As states and regions have moved to reopen from government-ordered shutdowns in response to the COVID-19 pandemic, transportation companies – considered essential – are hoping clients that are non-essential will soon begin increasing ridership. According to law firm Windels Marx, each company should have a “Return To Work Safety Plan” in place that conforms with recent guidance from the U.S. Department of Labor’s Occupational Safety and Health Administration (OSHA), the Equal Employment Opportunity Commission (EEOC) and The Centers for Disease Control and Prevention (CDC).

The EEOC recently expanded guidance and addressed the “return to work” rules and employee COVID-19 testing guidance to clarify that employers may not conduct virus antibody tests. The EEOC also advised that the Americans with Disabilities Act does not allow employers to exclude employees from on-site work locations simply because they have an underlying medical condition that the CDC says might create a higher risk of severe illness if the employee contracts COVID-19.

The CDC has continued to update its guidance on the workplace concerning personal protection equipment (PPE), such as face coverings and gloves. Both agencies have also recommended the use of approved cleaning products from the U.S. Environmental Protection Agency.

Transportation companies should be aware that OSHA has also issued guidance for rideshare, taxi and for-hire workers, which includes recommendations that there would be limits on the number of passengers transported at a single time, and the installation of plexiglass partitions between driver and passenger compartments when possible.

In addition to addressing any such in-vehicle modifications, an FHV company’s Return to Work Safety Plan should address the following topics and questions, according to Windels Marx:

Social Distancing: Are you ensuring employees and customers comply with physical distancing requirements? Can you maintain a six-foot distance among employees? Should you consider staggering schedules for the employees to maintain capacity limits? Have you considered protective shields for additional protection at workstations?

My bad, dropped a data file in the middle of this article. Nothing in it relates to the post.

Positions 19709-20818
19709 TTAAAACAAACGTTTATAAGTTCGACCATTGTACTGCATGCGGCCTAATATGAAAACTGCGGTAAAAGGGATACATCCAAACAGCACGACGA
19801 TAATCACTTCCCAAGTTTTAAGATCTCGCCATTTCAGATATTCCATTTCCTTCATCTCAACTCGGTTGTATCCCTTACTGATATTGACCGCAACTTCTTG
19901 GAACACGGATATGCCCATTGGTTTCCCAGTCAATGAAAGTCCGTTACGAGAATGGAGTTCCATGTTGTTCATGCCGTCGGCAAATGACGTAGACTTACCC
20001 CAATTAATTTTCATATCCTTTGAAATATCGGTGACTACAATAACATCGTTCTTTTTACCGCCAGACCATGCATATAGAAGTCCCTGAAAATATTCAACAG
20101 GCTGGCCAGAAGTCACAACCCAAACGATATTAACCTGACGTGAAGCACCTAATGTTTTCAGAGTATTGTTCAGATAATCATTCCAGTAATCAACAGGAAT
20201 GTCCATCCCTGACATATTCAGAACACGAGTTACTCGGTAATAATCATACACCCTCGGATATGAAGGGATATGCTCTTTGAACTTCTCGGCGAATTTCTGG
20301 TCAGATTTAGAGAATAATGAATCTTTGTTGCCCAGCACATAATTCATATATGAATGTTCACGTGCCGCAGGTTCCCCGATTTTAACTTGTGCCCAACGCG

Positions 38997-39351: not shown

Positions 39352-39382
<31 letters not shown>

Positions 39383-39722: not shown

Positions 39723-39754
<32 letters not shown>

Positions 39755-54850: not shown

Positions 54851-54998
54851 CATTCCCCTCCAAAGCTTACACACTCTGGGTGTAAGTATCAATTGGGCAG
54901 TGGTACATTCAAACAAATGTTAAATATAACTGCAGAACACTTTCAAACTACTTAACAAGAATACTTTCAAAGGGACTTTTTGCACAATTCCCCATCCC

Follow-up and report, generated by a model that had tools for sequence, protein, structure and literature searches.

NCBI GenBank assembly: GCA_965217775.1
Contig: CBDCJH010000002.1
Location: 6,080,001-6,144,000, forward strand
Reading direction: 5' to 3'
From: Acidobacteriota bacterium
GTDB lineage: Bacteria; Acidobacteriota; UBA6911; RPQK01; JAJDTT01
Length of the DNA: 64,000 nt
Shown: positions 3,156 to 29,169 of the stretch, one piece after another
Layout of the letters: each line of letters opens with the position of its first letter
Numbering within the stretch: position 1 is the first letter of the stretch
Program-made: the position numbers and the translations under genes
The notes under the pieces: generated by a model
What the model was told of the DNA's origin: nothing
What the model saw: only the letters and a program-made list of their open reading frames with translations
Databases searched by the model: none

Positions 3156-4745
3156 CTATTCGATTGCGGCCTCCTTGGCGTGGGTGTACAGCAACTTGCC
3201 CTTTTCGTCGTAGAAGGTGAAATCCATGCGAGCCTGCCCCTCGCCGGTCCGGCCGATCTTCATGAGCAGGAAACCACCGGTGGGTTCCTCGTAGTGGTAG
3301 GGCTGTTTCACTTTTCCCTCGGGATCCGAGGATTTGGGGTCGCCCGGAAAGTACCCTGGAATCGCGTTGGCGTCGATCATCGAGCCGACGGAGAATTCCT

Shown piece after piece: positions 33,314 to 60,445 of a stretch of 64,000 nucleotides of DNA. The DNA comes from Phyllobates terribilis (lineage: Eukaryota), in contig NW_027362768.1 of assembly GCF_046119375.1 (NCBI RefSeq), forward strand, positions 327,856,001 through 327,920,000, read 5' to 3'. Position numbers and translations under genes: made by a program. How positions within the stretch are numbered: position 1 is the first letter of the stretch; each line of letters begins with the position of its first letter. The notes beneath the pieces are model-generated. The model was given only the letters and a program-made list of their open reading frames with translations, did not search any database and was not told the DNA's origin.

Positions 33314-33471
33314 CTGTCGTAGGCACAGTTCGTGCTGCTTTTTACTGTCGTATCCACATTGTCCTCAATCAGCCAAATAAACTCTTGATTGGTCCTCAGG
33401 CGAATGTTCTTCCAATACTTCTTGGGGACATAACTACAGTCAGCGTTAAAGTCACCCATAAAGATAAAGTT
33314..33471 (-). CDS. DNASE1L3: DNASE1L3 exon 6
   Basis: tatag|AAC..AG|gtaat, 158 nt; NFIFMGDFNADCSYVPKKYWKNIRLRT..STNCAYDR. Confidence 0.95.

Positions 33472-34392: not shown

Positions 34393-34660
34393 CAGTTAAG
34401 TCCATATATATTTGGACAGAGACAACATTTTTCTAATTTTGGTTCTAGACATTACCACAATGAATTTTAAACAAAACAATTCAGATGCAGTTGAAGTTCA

Hygiene and Cleaning: Are you ensuring employees comply with hygiene and cleaning requirements? How will you distribute and utilize the use of hand sanitizer? Will there be designated locations for hand sanitizer and/or sanitary wipes? Do you have a plan to limit contact among employees?

Communication: Are signs posted to ensure social distancing? Can you implement travel directions to encourage movement and minimize contact? Do you have a communications plan for employees and clients?

Mandatory Mask Use, Disposal: Do you have protocols for the distribution and use of masks to employees or clients? What are your procedures for the disposal of masks? Is a mask to be worn continuously, or are there exceptions?

Screening: Are you ensuring that persons entering your workplace are tested for a fever? Are you requiring employees to complete a questionnaire prior to departing for work? What are your protocols if an employee feels sick while at work?

Contact Tracing and Disinfection of Contaminated Areas: What steps have you taken to clean surfaces in common areas, restrooms, and conference rooms? What steps have you taken to disinfect workstations or offices? What cleaning schedules have you implemented for vehicles? How have you ensured that business and your employees comply with contact tracing and disinfection requirements?

Transportation companies should be aware that failing to implement such a Return to Work Safety Plan and enforcing OSHA and public health requirements can lead to administrative actions and litigation. On May 19, 2020, OSHA announced it is increasing in-person inspections at all types of workplaces, and that OSHA staff will continue to prioritize COVID-19 inspections and will utilize all enforcement tools.

The bottom line is that businesses need to take steps to insulate themselves as best they can to avoid fines, claims and lawsuits – especially transportation companies that transport precious human cargo in confined spaces.

Windels Marx offers a free consultation to review any proposed or draft Return to Work Safety Plans that a company’s management team may be working on, to ensure business operations meet the new challenges of the pandemic for employees, drivers, and clients as government restrictions are relaxed. Even if a company has a plan in place, the firm conducts “due diligence” reviews from a legal perspective to ensure 100% compliance, and to further mitigate risks.

Questions can be directed to Matt Daus at

Source: Windels Marx

Article by Matthew W. Daus, Esq.
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